A couple of weeks ago, I wrote about using home equity to plan for investment purchases. I had some questions about growing equity from new investors who haven’t owned property for a long time. I hope the following information helps with a better understanding of equity and how to build it.
Equity is the part of your property that you actually own. It’s the current value of a property less the amount of the liens/loans secured against it. If you own property that’s worth $250,000, and you have a mortgage with a remaining loan balance of $100,000, your equity in the property is $150,000. Investors will often rely to some extent on the equity in their current home or another investment property to help buy their next investment. The more equity you have, the more funds for a down payment on the next investment. So how do you build home equity faster? Especially at the beginning of a mortgage loan, when so little of your payment goes to principal and that equity builds maddeningly slowly.
Naturally, building home equity comes at a price, usually in the form of larger payments. One trap you want to avoid is becoming house-rich and cash-poor. If building home equity means incurring debt to make ends meet, then you’ve defeated the purpose of building equity in the first place.
The first option in home equity building is to make additional principal payments. One way to do this is to sign up for a bi-weekly mortgage, in which you make two payments per month (which added together equal one monthly payment). You will make the equivalent of 13 monthly payments per year instead of 12, which may seem insignificant. But a 30-year loan with a bi-weekly payment plan is usually paid off in about 20 years. You can also apply any other large windfall sums such as a tax return or other surprise/unexpected income to your mortgage balance. Be sure to let your loan service company know that the additional payment is to be applied to the principal only.
The other way to build home equity faster is to refinance. Recently, the reason most people have refinanced is to lock in a lower interest rate and/or lower their monthly payment. The difference in monthly payment between the old payment and new payment should then be applied to your payment. So if your old payment is $2,200 a month and your new payment is $1,900 a month, you continue making the $2,200 monthly payment and $300 goes towards the principal each month for a total of $3,600 annually. This will build equity a little faster than bi-weekly method above.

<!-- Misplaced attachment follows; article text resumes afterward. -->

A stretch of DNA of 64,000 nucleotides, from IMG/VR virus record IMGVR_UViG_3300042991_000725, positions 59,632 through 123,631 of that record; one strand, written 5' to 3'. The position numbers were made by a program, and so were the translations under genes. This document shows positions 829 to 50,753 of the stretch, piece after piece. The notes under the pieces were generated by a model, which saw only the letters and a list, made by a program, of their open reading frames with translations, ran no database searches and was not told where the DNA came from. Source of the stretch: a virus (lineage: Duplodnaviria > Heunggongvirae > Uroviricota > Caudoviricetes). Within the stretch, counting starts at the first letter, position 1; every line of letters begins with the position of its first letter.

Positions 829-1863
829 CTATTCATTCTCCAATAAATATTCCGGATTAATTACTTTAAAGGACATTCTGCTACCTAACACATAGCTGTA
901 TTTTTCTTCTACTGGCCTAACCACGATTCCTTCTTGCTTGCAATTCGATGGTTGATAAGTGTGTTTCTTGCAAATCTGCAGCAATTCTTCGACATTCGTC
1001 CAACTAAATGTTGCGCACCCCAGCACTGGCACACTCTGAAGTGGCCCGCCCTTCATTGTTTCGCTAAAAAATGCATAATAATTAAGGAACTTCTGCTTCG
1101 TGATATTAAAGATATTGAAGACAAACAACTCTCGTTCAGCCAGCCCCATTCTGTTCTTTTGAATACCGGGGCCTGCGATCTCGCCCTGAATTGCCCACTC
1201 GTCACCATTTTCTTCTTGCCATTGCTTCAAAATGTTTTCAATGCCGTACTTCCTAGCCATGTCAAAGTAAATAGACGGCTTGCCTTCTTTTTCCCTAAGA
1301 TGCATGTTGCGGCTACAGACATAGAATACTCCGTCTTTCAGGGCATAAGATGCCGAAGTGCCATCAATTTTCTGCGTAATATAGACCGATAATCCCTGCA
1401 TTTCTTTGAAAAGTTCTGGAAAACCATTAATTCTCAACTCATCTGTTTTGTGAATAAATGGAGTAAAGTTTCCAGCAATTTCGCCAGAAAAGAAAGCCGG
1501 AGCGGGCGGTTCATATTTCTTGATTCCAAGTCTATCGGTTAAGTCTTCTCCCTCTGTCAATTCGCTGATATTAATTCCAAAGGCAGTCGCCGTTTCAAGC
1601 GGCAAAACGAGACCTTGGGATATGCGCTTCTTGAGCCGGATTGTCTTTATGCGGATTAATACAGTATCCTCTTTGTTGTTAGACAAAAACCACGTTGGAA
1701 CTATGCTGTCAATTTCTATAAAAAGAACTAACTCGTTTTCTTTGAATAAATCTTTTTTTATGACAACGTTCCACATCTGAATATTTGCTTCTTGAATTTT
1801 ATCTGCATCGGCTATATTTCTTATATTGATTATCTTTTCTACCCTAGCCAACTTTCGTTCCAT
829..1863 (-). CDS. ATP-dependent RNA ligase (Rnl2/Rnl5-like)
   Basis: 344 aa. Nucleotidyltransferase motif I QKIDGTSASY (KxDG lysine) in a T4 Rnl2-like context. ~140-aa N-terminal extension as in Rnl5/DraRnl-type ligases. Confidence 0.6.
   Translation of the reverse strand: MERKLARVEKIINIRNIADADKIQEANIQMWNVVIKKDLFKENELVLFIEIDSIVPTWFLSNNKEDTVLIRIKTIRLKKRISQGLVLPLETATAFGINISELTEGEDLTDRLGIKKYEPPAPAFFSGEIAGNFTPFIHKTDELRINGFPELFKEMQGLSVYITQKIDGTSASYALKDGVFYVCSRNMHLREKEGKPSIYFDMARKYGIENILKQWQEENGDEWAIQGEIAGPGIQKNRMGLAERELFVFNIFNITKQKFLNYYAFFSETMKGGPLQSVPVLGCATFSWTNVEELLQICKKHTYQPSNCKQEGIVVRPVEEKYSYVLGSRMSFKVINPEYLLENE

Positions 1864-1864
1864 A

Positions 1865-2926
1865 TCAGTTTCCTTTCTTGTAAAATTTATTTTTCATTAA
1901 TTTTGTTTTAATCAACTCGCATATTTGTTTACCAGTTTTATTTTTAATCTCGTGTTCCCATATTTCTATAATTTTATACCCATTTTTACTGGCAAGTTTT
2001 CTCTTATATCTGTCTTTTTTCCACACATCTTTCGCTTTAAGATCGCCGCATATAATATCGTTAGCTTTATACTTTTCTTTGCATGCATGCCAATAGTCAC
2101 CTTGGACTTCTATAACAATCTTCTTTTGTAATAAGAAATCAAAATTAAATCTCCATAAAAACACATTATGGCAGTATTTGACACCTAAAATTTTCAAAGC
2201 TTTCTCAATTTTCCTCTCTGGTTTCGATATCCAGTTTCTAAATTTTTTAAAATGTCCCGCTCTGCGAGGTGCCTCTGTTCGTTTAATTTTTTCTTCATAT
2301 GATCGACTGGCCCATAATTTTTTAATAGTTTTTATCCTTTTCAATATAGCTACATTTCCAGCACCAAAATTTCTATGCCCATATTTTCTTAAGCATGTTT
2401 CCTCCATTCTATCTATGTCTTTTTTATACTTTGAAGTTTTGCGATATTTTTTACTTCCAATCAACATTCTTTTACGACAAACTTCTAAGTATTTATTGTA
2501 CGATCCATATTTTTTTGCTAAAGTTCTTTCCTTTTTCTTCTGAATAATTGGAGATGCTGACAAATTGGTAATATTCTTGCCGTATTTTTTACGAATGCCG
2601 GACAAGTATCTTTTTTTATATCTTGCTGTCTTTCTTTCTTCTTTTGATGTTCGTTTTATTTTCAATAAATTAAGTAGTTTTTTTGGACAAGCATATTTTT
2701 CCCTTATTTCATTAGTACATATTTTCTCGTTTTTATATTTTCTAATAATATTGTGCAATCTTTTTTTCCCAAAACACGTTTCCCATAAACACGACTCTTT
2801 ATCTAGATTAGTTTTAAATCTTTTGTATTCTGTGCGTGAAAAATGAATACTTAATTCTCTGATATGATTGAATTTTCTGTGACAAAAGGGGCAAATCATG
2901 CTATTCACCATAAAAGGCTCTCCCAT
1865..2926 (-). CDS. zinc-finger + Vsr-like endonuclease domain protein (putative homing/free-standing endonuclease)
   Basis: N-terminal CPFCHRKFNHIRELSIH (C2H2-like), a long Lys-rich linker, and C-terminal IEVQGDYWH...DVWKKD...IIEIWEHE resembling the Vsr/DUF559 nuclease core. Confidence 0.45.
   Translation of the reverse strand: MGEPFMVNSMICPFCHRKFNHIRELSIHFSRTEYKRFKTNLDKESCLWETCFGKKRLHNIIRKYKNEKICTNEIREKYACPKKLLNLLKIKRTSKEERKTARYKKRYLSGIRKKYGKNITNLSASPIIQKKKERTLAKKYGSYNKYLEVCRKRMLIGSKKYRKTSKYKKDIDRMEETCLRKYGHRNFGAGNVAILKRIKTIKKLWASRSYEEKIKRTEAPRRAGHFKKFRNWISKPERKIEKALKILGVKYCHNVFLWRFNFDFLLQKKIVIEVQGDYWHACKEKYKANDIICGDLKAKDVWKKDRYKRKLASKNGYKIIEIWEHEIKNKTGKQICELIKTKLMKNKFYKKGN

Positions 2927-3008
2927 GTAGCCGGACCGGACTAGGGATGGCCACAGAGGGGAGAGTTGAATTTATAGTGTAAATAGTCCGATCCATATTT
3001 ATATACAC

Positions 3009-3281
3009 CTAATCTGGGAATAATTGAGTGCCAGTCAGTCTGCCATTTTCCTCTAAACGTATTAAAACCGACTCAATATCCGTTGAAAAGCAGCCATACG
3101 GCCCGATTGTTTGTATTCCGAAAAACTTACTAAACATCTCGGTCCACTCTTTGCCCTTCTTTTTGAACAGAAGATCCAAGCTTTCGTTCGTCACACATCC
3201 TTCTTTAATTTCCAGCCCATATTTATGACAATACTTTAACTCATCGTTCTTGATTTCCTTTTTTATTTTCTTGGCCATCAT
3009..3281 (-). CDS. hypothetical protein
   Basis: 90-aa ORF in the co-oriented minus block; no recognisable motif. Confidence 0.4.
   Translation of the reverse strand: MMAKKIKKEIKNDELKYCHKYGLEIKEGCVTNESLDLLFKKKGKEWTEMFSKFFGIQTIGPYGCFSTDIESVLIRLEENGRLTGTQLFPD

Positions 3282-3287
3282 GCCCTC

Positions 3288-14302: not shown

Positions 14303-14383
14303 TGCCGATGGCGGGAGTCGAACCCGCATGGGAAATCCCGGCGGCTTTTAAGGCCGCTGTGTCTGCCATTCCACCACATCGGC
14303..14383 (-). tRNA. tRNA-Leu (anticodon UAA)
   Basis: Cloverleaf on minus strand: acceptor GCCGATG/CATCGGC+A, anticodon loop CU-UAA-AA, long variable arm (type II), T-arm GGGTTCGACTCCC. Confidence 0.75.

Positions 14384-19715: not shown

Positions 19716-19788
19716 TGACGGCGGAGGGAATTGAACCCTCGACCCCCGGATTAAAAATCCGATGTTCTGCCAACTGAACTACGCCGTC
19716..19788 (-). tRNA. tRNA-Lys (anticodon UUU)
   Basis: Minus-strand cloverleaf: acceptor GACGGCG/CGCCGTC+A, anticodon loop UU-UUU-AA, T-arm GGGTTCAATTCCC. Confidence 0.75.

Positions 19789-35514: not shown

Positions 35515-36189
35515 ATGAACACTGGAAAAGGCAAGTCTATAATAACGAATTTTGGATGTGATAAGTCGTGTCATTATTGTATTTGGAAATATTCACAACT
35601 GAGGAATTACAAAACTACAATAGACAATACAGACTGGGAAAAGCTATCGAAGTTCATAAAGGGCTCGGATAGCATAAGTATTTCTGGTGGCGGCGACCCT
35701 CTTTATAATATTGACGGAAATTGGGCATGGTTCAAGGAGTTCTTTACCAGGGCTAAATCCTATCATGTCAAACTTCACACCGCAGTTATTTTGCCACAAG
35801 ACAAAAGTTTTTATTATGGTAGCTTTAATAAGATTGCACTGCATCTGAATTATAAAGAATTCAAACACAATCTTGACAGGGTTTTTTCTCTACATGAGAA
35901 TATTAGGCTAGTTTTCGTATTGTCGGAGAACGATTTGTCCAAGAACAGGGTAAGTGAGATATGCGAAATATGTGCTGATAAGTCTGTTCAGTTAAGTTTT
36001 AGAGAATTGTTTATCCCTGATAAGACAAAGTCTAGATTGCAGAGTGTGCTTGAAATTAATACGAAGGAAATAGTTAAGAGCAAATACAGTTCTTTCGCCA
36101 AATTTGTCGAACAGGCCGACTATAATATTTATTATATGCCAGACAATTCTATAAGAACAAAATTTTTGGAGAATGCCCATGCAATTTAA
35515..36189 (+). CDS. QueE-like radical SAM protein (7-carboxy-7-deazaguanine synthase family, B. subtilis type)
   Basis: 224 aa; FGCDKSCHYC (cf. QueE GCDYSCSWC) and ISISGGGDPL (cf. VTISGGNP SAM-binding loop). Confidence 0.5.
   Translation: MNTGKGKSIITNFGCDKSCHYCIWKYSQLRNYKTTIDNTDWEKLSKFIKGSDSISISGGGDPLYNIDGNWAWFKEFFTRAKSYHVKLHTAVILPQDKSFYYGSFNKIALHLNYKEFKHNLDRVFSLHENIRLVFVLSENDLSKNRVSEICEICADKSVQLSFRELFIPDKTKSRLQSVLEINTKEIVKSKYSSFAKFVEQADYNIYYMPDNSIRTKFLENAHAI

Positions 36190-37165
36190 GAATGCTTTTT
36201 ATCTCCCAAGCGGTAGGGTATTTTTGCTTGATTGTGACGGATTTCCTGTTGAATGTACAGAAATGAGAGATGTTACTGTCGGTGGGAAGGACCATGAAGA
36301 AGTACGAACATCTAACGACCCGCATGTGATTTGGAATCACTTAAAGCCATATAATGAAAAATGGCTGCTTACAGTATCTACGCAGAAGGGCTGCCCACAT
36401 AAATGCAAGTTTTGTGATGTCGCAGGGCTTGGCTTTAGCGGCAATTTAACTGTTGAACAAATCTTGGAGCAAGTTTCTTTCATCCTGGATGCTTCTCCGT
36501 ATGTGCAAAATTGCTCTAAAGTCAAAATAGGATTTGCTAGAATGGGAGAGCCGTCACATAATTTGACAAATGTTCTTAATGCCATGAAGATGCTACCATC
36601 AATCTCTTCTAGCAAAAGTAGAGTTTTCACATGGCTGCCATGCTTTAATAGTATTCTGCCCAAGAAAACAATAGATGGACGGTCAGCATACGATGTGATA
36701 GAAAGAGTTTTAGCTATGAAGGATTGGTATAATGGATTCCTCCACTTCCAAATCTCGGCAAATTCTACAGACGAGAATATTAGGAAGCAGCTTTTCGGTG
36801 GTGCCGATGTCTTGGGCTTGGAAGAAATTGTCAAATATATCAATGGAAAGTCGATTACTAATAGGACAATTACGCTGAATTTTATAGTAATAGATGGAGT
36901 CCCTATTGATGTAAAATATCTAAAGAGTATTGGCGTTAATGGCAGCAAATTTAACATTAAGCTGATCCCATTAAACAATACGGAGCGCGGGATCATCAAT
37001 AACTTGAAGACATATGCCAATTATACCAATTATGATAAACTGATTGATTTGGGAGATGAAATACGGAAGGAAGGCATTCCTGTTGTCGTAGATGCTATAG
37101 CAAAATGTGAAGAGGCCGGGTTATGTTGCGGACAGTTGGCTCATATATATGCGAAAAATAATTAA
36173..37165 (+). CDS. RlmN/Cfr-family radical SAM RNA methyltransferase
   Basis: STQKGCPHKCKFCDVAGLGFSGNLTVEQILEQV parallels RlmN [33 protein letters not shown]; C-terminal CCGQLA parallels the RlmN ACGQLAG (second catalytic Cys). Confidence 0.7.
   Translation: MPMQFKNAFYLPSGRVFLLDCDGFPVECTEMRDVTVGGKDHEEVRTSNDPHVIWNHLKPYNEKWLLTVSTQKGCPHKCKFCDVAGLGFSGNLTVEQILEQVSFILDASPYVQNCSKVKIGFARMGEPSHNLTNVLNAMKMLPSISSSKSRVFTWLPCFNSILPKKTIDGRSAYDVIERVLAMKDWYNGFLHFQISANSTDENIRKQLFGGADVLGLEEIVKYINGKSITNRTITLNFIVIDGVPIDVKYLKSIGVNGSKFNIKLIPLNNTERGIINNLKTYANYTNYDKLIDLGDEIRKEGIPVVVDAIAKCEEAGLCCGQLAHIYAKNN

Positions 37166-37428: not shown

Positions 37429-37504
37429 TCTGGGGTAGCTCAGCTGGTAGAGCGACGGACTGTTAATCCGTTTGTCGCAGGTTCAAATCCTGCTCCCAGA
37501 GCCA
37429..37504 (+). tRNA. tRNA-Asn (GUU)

You can also refinance to shorten the term of your mortgage, which builds equity. If you have a 30-year mortgage at 3.75 percent and replaced it with a 15-year fixed rate loan at 3.25 percent, your monthly payment will increase, but the amount of that payment going to interest will be reduced significantly and the amount paying down the principle will be greater. More of your money is going to build equity, rather than paying interest to the bank. The end result is building more equity in half the time. The down side to this is that a 15-year mortgage is harder to qualify for than a 30-year and it may not be an option.
But what if you can’t afford a higher house payment? Your next best means of building equity is to refinance for less than 30 years. To do so, ask your mortgage company to customize your new loan’s term to match the years that are left on your old loan — if you are five years into a 30-year mortgage, for example, ask for a 25-year loan.
Keep in mind you will not be able to access the entire amount of your equity when getting a second mortgage or a line of credit. Most lenders will typically only allow a maximum of 80% debt on a property when considering a second mortgage or line of credit. So if you have a property valued at $500,000 with remaining loan balance of $300,000, you’ll probably be able to access a maximum of $100,000 of that $200,000 equity because the bank will only allow 80% debt on the property. That still gives you $100,000 to use as a down payment on your next investment property!